Our Tennessee Waltz

4922080300_7000d2b30b_bWe didn’t realize what was on the road ahead of us.

We were expecting our first child and were dancing on air. I was sicker than a dog but certain it would all be good. Even better when my husband, Dave’s tour of duty in the Navy would be over and we could get on with life. He had just completed training in the Navy.

Within a month we would receive orders on where he would be stationed. Having no ‘home’ to return to we relied on our parents. Two weeks each should get us through the wait.

We loaded our goods in a small rented trailer and headed for Michigan.  Living in Millington, Tennessee was much like camping. We were there a mere four months so only had the bare essentials.

As we traveled, Dave commented, “Soon we are going to have to get some gas.”

Then I feel asleep. Allow me to note here, nagging can be a good thing and sleeping on the job not so good. We ran out of gas.

I was awake by then and we reasoned he would walk up the incline to see if there was a gas station nearby.

Did I mention this was wintertime? The poor guy was wearing those lovely polyester pants so popular at that time. They had zero warmth and the wind was blowing.

I glanced around our stranded location. It occurred to me I should have warned him not to accept any rides.

Don’t be silly, he’s a grown man. He wouldn’t do anything as risky as getting into a stranger’s car.

My gaze returned to his path in time to see him climbing into a car that pulled over for him. Panic seized me and instantly I lost it. Mentally I knew he was going to be slaughtered and thrown out in some ditch. I sat there sobbing at the side of the road, waiting for the police to come tell me the horrible news.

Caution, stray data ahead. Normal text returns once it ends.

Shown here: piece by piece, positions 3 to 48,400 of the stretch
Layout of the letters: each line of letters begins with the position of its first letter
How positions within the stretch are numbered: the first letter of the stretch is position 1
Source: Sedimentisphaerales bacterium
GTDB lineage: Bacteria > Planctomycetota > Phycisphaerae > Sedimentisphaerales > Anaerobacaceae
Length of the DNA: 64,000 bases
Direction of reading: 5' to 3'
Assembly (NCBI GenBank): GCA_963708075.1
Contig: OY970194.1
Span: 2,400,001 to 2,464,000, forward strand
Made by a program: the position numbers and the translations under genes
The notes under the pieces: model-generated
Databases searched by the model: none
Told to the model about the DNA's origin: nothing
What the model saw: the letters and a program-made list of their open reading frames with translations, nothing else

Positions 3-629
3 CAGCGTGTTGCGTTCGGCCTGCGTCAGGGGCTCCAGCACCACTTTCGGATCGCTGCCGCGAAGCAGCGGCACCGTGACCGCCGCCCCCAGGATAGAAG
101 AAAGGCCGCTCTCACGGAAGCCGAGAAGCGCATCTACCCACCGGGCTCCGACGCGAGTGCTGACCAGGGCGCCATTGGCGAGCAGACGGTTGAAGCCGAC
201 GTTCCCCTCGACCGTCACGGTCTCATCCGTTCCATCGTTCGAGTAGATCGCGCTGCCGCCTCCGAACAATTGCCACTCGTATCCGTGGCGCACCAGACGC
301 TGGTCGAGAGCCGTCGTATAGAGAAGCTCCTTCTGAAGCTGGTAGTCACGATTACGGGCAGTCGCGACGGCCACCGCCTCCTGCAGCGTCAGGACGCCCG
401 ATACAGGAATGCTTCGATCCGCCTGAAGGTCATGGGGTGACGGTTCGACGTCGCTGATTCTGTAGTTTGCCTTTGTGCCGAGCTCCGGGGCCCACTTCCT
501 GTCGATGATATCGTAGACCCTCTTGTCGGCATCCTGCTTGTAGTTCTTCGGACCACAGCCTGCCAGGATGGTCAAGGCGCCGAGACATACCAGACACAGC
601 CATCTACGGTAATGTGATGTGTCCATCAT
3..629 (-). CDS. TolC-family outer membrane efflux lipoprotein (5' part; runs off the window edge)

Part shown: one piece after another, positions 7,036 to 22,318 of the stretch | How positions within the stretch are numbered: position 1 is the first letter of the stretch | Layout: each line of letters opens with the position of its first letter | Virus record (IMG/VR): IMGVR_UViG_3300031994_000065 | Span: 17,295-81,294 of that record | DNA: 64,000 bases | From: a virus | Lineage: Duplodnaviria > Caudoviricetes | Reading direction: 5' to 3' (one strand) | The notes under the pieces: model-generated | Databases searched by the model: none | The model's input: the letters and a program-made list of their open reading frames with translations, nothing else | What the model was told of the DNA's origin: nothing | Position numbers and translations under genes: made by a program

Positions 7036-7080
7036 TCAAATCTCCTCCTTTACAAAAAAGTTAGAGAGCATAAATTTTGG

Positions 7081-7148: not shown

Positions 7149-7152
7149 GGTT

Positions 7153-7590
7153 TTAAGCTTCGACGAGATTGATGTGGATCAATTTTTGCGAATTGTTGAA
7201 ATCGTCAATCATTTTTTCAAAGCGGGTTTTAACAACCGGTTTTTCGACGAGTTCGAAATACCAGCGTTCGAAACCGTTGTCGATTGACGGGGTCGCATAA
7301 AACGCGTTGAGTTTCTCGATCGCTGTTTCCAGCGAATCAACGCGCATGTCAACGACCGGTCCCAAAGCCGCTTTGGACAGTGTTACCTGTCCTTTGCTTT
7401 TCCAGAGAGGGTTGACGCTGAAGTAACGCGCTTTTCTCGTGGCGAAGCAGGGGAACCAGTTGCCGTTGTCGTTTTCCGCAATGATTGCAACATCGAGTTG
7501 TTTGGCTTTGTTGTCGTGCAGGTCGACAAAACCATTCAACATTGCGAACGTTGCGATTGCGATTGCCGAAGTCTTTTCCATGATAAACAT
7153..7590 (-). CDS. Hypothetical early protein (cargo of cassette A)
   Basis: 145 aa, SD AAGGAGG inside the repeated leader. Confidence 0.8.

I was going to have to raise this child alone. What would become of us?

As expected, the police came. Having seen our car at the side of the road, and Dave walking back my way with a gas can, they picked him up. How dare he be alive and well! I was still in my devastated mode trying to figure out how I would carry on without him.

After settling me down, we traveled on, stopping for the night. We awoke the next morning to snow. A lot of snow. Dangerous driving kind of weather.  But continue we must.

The traffic made two ruts of the road. In front of us cars were losing control left and right providing several close encounters. Miraculously no one hit us. It’s frightening to have a vehicle heading right for us and seeing the passengers inside screaming.  However, they did clear a path allowing us forge on.

We were almost at our destination when the transmission gave out on the car.

Lord, what more?

I’ve since learned not to ask him that.

In that month long wait, a family member got me a doctor appointment concerning my excessive morning sickness.  The meds were costly, but they got me over the hump and I felt much better.

Looking back at that ‘season’ of life I’m in awe of God’s protection. True, we experienced some thrills and chills but thankfully nothing on earth lasts forever. His love does.

 

4 thoughts on “Our Tennessee Waltz

  1. “How dare he be alive and well!“
    And “… heading right for us … passengers inside screaming.” vs “However, they did clear a path” …
    In retrospect some of our worst moments make us laugh the most. I think we need the humor to face the past we know and the future we don’t.

    Thanks for so doing here!

    Like

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